Two questions form the foundation of all novels: “What if?” and “What next?” (A third question, “What now?”, is one the author asks himself every 10 minutes or so; but it’s more a cry than a question.) Every novel begins with the speculative question, What if “X” happened? That’s how you start.
I’ve had enough of these streets that sweat a cold, yellow slime, of hostile people, of crying myself to sleep every night. I’ve had enough of thinking, enough of remembering.
An answering smile drifted across his tanned face. “What is mine, I intend to
Leaders don’t cry for what country can do for them for free. They dream about what they can do for country at high cost.
True friends chop the onions and cry together.
Evie wanted to cry. From fear. From exhaustion, yes. But mostly from the cruel uselessness, the damned stupid arbitrariness of it all.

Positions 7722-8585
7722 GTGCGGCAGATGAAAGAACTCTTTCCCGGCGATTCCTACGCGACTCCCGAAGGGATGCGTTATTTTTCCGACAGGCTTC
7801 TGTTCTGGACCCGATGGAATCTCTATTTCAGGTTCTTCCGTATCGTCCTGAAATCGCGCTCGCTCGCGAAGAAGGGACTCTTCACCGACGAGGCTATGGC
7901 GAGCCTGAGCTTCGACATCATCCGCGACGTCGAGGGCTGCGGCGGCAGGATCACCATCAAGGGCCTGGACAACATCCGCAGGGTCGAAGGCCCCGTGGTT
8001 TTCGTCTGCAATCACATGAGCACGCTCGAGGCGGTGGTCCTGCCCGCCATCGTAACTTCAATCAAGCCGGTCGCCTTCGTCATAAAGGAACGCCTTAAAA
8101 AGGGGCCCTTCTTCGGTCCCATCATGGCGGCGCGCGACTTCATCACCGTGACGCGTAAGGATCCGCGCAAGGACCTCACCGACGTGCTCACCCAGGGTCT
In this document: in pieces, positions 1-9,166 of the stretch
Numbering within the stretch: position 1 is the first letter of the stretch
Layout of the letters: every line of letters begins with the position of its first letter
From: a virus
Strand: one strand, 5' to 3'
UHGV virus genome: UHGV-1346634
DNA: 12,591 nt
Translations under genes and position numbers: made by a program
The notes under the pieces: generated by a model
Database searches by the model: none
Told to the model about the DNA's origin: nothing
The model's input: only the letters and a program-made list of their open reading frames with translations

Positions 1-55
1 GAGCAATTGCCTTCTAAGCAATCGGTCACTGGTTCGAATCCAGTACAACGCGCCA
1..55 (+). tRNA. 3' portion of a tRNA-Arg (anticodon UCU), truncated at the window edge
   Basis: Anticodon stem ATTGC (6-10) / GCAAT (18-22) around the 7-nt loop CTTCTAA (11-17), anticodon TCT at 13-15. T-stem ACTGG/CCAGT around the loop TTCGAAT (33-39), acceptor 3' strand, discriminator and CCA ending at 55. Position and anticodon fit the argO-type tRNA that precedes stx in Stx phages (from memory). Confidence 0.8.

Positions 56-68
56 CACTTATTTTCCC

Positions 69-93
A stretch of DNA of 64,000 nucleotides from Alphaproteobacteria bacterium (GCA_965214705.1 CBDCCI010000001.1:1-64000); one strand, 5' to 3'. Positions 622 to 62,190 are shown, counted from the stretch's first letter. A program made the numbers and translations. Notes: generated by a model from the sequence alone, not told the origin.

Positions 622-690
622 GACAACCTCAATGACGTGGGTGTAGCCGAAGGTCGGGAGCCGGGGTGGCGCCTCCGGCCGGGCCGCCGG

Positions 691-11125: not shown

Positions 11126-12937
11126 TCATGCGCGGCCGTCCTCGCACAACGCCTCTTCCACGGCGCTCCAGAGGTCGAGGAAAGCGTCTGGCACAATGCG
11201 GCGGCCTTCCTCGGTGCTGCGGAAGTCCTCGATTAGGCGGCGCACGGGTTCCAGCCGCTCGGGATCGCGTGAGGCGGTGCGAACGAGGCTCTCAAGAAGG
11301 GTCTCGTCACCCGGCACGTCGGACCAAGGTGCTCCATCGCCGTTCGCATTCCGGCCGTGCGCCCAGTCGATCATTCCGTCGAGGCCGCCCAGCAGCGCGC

… sometimes in life, you either laugh or you cry. And I prefer to laugh.
When you love someone, truly love them, you lay your heart open to them. You give them a part of yourself that you give to no one else, and you let them inside a part of you that only they can hurt-you literally hand them the razor with a map of where to cut deepest and most painfully on your heart and soul. And when they do strike, it’s crippling-like having your heart carved out.
When was the last time you had a good belly-shaking-tear-jerking-snot-producing laugh?
If God could run out of grace, He would’ve for me by now. And yet every morning I wake up, He says, “There is more, there is still more.